Celebrating South Philly’s Seasonal Window & Step Decorations
By Sequoia Medley
It’s expected for the winter holidays – to bring a bit of light and festivity to the gloom of shortened days. And Halloween is enthusiastically promoted with creepy or autumnal decorations. But South Philadelphians take seasonal decor far beyond these major celebrations. On any given block, at any time of the year, you can find multiple homes in various states of adornment. These decorations both bemuse and delight passersby.
What inspires these festive displays? Perhaps it’s the architecture of the row home, many featuring prominent street facing windows with ledges, and stoops and steps dipping towards the sidewalks. Perhaps it’s the history of constantly shifting immigrant populations, proud to celebrate with displays of newly acquired and changing decor. Maybe it’s just tradition and keeping up with the Joneses. Regardless, South Philadelphians love to decorate the outside of their homes with the changing seasons and personal celebration.
In the long stretch between the start of the New Year and Halloween, some South Philadelphia homes may change their ornamentation a dozen times. Some revamp their steps and windows for everything from Fathers Day to the nebulous Back-to-School season.
Interesting contrasts pop up, such as the homes who decorate for Martin Luther King, Jr. Day and St. Patrick’s day at the same time. Many windows lay fallow between big holidays by retreating to flags celebrating the Pope’s visit four years ago or generic seasonal catchalls.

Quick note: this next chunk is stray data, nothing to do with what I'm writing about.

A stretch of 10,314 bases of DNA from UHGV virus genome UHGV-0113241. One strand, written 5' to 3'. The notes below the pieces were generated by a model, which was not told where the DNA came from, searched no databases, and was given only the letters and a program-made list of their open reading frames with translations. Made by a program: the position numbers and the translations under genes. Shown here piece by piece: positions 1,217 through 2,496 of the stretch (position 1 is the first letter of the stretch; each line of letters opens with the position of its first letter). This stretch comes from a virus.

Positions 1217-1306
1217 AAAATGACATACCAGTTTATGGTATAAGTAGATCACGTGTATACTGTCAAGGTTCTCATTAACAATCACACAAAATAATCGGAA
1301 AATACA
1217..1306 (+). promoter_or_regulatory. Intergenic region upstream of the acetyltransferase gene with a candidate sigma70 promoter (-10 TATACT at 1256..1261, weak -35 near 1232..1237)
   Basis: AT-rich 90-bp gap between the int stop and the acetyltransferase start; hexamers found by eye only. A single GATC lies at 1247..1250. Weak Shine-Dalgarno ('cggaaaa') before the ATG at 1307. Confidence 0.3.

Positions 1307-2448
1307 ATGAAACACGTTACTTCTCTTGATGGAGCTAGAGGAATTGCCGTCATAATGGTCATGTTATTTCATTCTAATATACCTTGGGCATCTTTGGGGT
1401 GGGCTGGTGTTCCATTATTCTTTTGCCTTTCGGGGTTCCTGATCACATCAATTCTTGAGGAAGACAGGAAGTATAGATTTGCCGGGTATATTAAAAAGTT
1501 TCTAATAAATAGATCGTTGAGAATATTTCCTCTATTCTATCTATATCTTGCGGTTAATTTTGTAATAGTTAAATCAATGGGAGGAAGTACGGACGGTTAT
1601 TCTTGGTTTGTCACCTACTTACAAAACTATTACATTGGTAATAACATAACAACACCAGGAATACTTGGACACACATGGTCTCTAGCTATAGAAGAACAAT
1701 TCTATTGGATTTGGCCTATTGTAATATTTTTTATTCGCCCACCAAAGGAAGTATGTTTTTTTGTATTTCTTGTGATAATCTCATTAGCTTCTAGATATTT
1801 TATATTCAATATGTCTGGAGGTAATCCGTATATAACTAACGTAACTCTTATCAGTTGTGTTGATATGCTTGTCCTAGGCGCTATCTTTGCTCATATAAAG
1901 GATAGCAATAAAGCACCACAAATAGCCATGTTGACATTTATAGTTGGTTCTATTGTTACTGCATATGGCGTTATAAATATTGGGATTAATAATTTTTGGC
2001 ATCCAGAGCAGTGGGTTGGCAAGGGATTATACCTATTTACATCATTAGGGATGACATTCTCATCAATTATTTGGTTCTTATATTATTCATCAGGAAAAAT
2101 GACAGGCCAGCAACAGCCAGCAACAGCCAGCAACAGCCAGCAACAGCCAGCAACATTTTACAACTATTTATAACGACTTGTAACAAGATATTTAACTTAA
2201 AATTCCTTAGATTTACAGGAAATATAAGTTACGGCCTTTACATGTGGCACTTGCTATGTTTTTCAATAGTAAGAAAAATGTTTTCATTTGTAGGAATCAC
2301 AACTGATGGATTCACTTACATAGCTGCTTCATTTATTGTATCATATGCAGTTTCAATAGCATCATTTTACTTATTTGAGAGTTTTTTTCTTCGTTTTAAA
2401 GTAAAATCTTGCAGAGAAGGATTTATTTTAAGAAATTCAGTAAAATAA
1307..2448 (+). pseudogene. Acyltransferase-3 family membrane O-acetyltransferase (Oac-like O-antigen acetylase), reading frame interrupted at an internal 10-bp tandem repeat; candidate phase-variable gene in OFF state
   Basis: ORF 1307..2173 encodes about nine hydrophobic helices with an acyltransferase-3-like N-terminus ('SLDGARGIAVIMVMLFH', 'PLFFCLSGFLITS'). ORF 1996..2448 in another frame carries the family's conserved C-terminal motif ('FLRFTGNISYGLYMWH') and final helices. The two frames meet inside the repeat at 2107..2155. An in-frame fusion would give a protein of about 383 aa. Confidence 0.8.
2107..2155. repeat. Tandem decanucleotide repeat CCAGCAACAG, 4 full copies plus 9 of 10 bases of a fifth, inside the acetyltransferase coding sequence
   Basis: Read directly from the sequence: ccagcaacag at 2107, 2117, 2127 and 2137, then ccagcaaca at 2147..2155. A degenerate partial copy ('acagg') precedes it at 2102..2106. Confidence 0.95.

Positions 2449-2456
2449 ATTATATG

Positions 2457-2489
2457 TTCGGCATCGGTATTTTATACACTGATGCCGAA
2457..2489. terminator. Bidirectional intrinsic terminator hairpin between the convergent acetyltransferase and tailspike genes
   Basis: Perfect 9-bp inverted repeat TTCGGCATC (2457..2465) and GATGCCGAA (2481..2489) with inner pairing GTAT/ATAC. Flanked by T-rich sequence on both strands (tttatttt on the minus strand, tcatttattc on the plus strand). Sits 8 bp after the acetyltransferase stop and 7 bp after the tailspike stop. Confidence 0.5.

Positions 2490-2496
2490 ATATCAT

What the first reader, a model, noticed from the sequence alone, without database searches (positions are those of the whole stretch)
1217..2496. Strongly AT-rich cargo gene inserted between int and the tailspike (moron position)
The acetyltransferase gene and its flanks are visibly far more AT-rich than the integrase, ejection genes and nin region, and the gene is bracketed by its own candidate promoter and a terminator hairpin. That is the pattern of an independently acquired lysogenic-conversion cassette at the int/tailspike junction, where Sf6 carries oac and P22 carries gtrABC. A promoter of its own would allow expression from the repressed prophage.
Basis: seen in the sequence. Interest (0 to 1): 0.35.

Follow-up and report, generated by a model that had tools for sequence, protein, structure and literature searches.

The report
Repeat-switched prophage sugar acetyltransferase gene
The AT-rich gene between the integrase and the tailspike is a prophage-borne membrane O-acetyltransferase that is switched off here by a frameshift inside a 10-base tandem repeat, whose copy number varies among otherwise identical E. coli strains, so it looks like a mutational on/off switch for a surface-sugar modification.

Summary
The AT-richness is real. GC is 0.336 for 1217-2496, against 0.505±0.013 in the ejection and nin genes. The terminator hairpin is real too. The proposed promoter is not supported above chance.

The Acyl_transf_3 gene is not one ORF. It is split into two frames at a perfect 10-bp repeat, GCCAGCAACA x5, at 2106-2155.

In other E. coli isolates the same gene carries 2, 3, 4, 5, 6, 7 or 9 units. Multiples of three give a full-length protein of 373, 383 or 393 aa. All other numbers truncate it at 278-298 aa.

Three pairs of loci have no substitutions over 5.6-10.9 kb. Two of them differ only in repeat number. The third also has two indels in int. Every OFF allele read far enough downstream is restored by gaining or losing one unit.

Beloved by some is one home on 12th Street, whose owners lovingly decorate the protruding air conditioning window unit with not only every conceivable holiday, but in honor of sporting events as well. There’s also the house on South 10th Street below Morris which festoons the window, steps, and even a nearby tree.
Beloved by some is one home on 12th Street, whose owners lovingly decorate the protruding air conditioning window unit with not only every conceivable holiday, but in honor of sporting events as well. There’s also the house on South 10th Street below Morris which festoons the window, steps, and even a nearby tree.Stoop decorations celebrate more than the calendar holidays: they signal to neighbors who’s graduating, who’s engaged, and when a baby is born/ The windows serves as essential shorthand for major life changes for the families within. They also provide go-to subjects for small talk in our dense blocks. With people busily rushing to and from homes, a casual glance lets one know what’s happening for a given family, as well as the ebb and flow of the lives within.
Anticipating the birth of my second child, I crafted a welcome sign to hang in the door. The name and gender needed to be filled in once the baby was born. Soon after my daughter arrived, our neighbors chided my husband for not hanging this proclamation promptly. They needed to know what was happening behind our closed doors before meeting her themselves!
Especially of note in our neighborhood are the announcements of an impending serenade. At this traditional block party a groom-to-be publicly woos his fiance through song. One tell-tale sign of a serenade: watch for white tulle wrapped around banisters and hanging in swags from windows. Paper hangings in the window will usually indicate if the home belongs to the bride or groom’s side. This is not to be confused with white tulle celebrating a baptism or first communion – the windows and doors will always clarify which milestone is being advertised.
Philadelphians love their outdoor decor and take such serious pride in their displays that it’s an issue which perennially reaches local news through stories of stolen decorations, wreaths and lights, figures and flags. If the frequent posts on nextdoor.com are believed, it’s a rampant issue. It’s just one of the subtle and simultaneous omnipresent, ordinary things that makes this section of the city so special.